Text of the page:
A report by Hector R. Rodriguez on June 3, 2023
On June 3rd, I met with Ramon Torres and three board members of Tierra y Libertad, the 65-acre cooperative run by Familias Unidas por la Justicia (FUJ). The co-op has grown considerably in the ten years since our Board marched with them to Sakuma Brothers, which led to their first contract. They are beginning to wean away from berries, which are still in production, and focus on livestock. They now have 200 chickens, 19 sheep, an equal number of goats, and three horses. They grow the feed for the animals. They also have two large greenhouses and many acres of vegetables, including Nopal, squash, corn, lettuce, cilantro, beets, green beans, carrots, onions, garlic, potatoes, and radishes.
Ramon told of the damage done to the co-op by storms and wildfires. They lost part of their stables, as well as about a dozen sheep. The 30-year-old transformer that services the co-op caused power outages in the greenhouses as well and the electric company has no obligation to repair it so Familias Unidas is raising money for this.
Recent victories include working in conjunction with UFW in getting the growers hit with a $3.4 million dollar fine for H2A program abuses, mainly because they were trying to hire H2A workers rather than local workers who either live there or return to this area every spring/summer. For more about this case, click here. Individual workers affected were made whole in amounts ranging from a few hundred dollars to over $20,000.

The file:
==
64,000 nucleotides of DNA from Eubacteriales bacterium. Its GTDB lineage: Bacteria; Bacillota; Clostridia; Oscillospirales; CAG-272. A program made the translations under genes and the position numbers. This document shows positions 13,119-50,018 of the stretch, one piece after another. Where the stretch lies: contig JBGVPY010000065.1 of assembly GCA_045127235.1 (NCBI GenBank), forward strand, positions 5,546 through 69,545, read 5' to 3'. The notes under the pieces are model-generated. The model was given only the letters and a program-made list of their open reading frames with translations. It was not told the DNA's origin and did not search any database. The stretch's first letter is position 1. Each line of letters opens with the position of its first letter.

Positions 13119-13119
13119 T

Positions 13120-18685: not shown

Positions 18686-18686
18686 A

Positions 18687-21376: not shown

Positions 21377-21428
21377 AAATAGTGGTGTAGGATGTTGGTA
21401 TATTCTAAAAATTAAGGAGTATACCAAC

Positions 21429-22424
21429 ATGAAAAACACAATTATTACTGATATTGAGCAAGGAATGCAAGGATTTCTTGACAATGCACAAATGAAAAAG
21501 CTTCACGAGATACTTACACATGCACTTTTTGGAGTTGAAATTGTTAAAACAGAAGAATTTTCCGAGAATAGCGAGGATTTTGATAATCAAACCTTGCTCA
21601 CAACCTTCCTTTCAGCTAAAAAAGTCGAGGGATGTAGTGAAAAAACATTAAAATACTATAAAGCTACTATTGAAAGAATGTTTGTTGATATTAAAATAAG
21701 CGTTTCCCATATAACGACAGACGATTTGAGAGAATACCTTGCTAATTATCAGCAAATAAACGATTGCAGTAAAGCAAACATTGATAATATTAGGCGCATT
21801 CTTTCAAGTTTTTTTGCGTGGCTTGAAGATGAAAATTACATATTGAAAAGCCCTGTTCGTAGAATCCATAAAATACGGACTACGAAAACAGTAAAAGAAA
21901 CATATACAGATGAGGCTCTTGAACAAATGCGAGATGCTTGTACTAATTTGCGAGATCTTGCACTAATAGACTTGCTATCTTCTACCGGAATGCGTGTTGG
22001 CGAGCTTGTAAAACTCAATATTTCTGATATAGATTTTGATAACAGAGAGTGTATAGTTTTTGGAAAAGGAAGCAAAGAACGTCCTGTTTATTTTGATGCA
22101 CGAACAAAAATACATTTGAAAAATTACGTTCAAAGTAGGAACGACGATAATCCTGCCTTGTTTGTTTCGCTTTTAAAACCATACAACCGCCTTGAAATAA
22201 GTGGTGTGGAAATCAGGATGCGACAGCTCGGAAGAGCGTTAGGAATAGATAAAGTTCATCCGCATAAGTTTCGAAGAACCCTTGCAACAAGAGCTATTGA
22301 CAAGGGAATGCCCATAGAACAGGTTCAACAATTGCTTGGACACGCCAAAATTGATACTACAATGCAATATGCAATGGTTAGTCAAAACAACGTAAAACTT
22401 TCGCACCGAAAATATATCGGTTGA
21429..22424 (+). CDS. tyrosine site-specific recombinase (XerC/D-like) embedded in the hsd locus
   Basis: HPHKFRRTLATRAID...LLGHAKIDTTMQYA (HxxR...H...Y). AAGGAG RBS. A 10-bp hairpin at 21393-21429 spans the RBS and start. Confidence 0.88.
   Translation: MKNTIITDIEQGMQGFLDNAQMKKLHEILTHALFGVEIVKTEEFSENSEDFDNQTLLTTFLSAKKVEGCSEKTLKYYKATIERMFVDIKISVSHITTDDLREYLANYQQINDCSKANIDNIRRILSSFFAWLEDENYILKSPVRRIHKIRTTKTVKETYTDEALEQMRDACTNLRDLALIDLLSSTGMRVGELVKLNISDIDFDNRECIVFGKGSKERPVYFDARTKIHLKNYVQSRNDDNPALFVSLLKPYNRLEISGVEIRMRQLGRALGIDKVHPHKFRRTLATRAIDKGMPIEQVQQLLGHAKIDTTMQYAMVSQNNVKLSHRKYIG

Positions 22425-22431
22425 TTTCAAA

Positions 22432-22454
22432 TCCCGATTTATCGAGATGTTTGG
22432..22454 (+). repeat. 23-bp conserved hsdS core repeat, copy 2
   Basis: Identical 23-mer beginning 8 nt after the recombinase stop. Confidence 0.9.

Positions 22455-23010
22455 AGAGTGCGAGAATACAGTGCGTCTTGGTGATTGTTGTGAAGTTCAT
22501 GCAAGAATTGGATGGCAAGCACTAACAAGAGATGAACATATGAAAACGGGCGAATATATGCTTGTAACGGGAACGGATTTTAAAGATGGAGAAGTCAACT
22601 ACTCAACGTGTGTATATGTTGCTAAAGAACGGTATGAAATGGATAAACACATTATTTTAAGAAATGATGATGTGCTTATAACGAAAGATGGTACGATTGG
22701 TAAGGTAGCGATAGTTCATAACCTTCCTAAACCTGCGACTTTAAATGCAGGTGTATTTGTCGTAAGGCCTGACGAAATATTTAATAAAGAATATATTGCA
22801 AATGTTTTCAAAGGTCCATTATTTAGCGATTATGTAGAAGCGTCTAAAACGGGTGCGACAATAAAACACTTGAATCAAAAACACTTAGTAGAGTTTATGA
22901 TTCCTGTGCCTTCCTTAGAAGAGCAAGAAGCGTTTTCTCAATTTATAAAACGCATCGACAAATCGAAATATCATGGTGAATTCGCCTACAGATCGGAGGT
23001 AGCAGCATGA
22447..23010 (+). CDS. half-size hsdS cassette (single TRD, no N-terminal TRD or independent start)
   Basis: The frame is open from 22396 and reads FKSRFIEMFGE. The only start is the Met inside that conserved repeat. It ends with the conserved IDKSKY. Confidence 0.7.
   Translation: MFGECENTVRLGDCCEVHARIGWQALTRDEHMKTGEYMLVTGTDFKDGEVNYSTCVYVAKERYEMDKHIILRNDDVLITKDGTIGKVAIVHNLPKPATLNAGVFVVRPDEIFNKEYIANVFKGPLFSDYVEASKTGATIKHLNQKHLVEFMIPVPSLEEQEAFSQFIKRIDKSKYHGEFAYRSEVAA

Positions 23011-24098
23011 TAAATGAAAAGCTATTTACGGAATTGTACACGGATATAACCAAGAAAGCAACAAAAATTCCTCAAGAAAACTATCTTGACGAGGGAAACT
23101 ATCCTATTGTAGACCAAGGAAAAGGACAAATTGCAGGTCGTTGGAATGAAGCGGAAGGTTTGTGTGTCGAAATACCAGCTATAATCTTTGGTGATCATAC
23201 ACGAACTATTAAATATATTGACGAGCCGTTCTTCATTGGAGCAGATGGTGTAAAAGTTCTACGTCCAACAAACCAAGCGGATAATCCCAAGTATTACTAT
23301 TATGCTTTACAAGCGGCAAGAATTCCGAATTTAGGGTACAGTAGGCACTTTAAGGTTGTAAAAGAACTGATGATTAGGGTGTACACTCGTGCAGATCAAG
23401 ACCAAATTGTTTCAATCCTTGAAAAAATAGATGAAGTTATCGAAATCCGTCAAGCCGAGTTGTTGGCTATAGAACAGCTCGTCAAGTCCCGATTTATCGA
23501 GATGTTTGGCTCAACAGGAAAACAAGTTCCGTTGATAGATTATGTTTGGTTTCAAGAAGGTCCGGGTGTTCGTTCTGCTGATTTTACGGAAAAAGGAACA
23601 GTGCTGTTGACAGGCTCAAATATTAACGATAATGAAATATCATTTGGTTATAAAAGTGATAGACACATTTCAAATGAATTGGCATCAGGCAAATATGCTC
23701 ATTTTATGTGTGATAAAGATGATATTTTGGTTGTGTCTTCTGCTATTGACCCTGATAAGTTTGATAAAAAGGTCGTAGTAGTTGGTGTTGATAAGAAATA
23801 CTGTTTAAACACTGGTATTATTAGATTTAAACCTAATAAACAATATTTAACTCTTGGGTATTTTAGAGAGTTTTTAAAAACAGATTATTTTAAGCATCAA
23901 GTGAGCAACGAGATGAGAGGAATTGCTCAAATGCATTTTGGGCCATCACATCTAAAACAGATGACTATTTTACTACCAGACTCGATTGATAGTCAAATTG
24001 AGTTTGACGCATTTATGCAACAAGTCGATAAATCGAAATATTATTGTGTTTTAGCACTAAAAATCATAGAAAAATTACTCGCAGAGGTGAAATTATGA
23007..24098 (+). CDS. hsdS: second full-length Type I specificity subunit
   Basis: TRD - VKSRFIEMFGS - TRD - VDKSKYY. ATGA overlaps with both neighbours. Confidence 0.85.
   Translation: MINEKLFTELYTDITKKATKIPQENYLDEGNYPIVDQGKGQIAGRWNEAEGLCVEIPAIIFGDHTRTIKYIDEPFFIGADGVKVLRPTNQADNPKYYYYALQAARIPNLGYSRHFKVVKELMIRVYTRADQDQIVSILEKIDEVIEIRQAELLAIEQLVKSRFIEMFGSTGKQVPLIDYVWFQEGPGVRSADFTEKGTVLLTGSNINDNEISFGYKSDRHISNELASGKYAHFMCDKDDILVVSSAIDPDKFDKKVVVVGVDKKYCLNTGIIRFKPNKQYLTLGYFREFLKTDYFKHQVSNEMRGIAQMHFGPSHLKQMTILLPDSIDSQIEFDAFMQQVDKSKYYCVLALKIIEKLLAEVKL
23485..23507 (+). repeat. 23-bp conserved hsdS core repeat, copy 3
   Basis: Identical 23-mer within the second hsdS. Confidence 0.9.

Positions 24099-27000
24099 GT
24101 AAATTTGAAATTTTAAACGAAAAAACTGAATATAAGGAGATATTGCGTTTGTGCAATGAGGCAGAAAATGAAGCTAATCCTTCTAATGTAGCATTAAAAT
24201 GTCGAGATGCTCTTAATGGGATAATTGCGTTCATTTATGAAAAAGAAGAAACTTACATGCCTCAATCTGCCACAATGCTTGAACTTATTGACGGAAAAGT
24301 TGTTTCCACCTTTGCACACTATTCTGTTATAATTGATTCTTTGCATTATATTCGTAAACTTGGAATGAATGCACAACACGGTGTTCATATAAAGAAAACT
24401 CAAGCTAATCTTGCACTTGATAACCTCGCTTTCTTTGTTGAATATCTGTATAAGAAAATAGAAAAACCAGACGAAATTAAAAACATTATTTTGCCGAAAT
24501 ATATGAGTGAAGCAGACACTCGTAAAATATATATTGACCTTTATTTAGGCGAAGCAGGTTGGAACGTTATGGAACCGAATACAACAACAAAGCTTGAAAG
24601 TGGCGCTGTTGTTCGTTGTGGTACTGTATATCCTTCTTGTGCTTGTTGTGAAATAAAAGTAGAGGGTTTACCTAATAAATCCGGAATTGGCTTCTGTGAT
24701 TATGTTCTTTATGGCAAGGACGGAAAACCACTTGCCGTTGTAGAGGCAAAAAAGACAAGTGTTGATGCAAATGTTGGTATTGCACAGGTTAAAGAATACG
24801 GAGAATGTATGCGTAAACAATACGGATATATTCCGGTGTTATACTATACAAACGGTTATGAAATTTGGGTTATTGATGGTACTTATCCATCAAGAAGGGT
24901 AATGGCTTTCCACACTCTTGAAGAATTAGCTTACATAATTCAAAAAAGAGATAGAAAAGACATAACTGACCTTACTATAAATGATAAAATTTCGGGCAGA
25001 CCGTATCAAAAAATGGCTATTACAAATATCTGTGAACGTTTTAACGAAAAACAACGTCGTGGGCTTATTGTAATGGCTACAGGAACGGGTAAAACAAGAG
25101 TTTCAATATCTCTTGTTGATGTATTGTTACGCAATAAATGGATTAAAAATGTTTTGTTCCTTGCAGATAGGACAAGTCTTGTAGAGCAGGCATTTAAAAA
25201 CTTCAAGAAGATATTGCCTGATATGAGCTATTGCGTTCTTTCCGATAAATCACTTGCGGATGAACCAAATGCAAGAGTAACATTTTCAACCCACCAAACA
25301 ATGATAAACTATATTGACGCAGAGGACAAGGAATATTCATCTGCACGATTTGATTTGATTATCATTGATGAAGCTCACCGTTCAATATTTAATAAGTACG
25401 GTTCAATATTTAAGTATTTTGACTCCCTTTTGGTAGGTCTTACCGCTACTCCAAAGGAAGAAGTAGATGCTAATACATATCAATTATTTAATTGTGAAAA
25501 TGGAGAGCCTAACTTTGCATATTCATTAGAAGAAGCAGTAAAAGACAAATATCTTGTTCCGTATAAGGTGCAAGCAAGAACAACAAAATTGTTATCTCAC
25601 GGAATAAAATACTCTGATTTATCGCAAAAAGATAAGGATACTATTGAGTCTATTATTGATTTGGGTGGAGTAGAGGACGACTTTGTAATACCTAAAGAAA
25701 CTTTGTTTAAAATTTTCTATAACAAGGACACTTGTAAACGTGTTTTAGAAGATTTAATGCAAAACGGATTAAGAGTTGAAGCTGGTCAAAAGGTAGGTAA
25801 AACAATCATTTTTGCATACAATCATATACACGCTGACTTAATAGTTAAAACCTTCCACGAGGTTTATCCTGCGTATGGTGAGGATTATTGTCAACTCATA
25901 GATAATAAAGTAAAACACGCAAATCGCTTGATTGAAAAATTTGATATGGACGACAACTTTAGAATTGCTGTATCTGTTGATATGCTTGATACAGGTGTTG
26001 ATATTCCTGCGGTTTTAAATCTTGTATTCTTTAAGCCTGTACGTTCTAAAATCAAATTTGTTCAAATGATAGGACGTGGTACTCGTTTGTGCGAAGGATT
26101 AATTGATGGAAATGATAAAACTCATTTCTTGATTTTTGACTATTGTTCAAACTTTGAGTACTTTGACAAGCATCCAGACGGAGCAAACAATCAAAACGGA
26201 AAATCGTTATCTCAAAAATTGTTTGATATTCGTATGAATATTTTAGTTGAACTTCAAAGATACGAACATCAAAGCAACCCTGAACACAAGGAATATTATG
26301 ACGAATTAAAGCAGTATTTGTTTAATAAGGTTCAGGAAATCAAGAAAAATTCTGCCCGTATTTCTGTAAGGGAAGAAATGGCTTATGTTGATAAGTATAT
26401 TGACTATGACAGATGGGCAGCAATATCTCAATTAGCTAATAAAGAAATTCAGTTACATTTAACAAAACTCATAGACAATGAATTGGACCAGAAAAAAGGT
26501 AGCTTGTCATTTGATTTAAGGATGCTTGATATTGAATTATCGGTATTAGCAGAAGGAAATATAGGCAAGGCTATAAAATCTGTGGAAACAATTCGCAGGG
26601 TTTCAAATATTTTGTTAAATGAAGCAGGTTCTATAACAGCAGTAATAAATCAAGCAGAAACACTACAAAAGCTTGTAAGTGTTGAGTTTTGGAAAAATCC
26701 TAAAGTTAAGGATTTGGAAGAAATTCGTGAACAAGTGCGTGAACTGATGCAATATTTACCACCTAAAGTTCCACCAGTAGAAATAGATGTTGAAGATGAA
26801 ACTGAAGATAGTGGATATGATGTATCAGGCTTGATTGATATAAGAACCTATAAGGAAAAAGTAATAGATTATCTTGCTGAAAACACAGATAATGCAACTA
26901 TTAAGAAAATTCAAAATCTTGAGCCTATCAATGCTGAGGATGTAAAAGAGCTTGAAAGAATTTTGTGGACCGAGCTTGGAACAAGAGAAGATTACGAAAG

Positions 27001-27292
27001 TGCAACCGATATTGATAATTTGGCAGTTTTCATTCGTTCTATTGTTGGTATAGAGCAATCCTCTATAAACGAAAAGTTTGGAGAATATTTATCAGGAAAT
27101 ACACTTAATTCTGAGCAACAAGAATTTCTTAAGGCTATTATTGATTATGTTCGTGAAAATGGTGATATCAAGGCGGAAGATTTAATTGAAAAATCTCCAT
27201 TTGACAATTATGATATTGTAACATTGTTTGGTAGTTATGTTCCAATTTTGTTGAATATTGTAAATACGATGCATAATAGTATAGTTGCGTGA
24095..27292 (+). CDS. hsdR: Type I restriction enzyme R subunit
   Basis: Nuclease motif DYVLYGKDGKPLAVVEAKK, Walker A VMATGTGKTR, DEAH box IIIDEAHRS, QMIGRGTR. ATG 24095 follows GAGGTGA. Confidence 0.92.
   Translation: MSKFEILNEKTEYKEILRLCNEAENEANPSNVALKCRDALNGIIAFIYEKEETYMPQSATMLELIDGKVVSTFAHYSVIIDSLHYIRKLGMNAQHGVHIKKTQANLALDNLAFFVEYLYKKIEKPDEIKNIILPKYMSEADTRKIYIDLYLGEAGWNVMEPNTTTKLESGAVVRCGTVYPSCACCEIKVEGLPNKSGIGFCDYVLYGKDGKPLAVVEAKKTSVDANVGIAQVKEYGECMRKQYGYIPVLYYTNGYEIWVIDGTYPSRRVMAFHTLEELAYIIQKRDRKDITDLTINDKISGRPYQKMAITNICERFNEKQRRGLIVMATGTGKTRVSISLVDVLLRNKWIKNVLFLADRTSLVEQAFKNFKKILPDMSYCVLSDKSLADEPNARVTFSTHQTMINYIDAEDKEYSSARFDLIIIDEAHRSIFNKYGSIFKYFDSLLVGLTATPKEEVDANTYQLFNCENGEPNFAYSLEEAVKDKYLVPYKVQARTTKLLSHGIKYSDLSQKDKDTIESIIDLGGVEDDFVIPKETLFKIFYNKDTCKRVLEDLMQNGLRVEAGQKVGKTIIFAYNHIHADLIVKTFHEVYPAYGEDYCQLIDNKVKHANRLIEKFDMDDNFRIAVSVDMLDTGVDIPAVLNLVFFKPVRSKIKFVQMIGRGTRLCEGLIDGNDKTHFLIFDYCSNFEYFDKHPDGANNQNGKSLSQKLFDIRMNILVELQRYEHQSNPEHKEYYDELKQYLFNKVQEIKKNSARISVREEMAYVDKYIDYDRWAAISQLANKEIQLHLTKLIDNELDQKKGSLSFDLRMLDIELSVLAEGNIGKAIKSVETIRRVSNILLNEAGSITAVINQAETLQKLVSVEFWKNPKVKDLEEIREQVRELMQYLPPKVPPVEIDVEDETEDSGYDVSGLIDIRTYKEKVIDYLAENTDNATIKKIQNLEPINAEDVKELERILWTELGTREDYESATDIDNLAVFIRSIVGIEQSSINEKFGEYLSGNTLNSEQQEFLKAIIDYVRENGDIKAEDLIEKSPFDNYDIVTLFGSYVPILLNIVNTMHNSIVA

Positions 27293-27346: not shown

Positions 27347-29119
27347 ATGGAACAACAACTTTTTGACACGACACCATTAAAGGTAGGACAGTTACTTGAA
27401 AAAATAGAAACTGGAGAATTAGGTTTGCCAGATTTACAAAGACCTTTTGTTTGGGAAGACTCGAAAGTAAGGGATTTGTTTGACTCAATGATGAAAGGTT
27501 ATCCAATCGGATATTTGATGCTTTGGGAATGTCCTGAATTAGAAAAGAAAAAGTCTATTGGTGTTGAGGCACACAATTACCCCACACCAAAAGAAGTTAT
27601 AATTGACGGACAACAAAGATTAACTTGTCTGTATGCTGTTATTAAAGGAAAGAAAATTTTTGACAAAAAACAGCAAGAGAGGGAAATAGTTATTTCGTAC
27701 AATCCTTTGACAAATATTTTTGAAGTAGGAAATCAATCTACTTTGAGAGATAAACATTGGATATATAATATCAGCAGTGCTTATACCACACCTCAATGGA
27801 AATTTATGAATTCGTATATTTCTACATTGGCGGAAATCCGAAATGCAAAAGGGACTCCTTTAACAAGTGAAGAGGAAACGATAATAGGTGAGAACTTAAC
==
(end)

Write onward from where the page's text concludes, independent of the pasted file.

Ramon is an employee of C2C as well as being the president of FUJ. He and Rosalinda Guillen work on various projects and assist a variety of workers’ organizations seeking to better their situation. Edgar Franks, their organizing director, together with Ramon, wrote the overtime bill which was passed by the state legislature three years ago. This victory was achieved in record time compared to similar bills elsewhere. By next year, every farm worker in Washington State will get overtime after 40 hours of work per week.
In later conversation with Rosalinda Guillen, director of Community to Community (C2C), we went over some of the gains that I had heard about from Ramon and his colleagues. One of those wins was with the tulip workers. This is a big industry in the Skagit Valley. FUJ and C2C essentially won something close to a union contract, according to Rosalinda. The workers went on strike and subsequently won an agreement. They held the company legally liable to provide the tools of the trade: boots, raincoats, gloves, etc. Importantly, they established a workers’ committee to establish how work is assigned.
Rosalinda explains that C2C doesn’t loudly proclaim all their wins because of the climate they are in. The growers pounce on any forward movement by FUJ to find ways to negate it, nullify it, and make any progress harder to achieve. These growers are less afraid of the government than they are of fellow growers who don’t want to see any caving in to farm workers’ demands.
After my visit with Rosalinda I was able to stay for a FUJ assembly in the same center. The action was led by Marciano Sanchez, organizing director for FUJ. Marciano is Mixteco from Oaxaca. The folks who attended were mostly Mixteco and the meeting was bilingual. For the first time, C2C and FUJ are fielding candidates for city council, one in Mt.Vernon and one in Bellingham. After their presentations and discussion, the members took a vote and endorsed their candidacies.
This coming January, C2C and FUJ will hold a tribunal before the state legislature. They will set up a panel of judges similar to the action we participated in at one of our board meetings a few years ago. They are planning to ask NFWM to be one of the judges.
It was a privilege to revisit our friends in Washington state, and I’m glad to be of help to our staff and to the Ministry.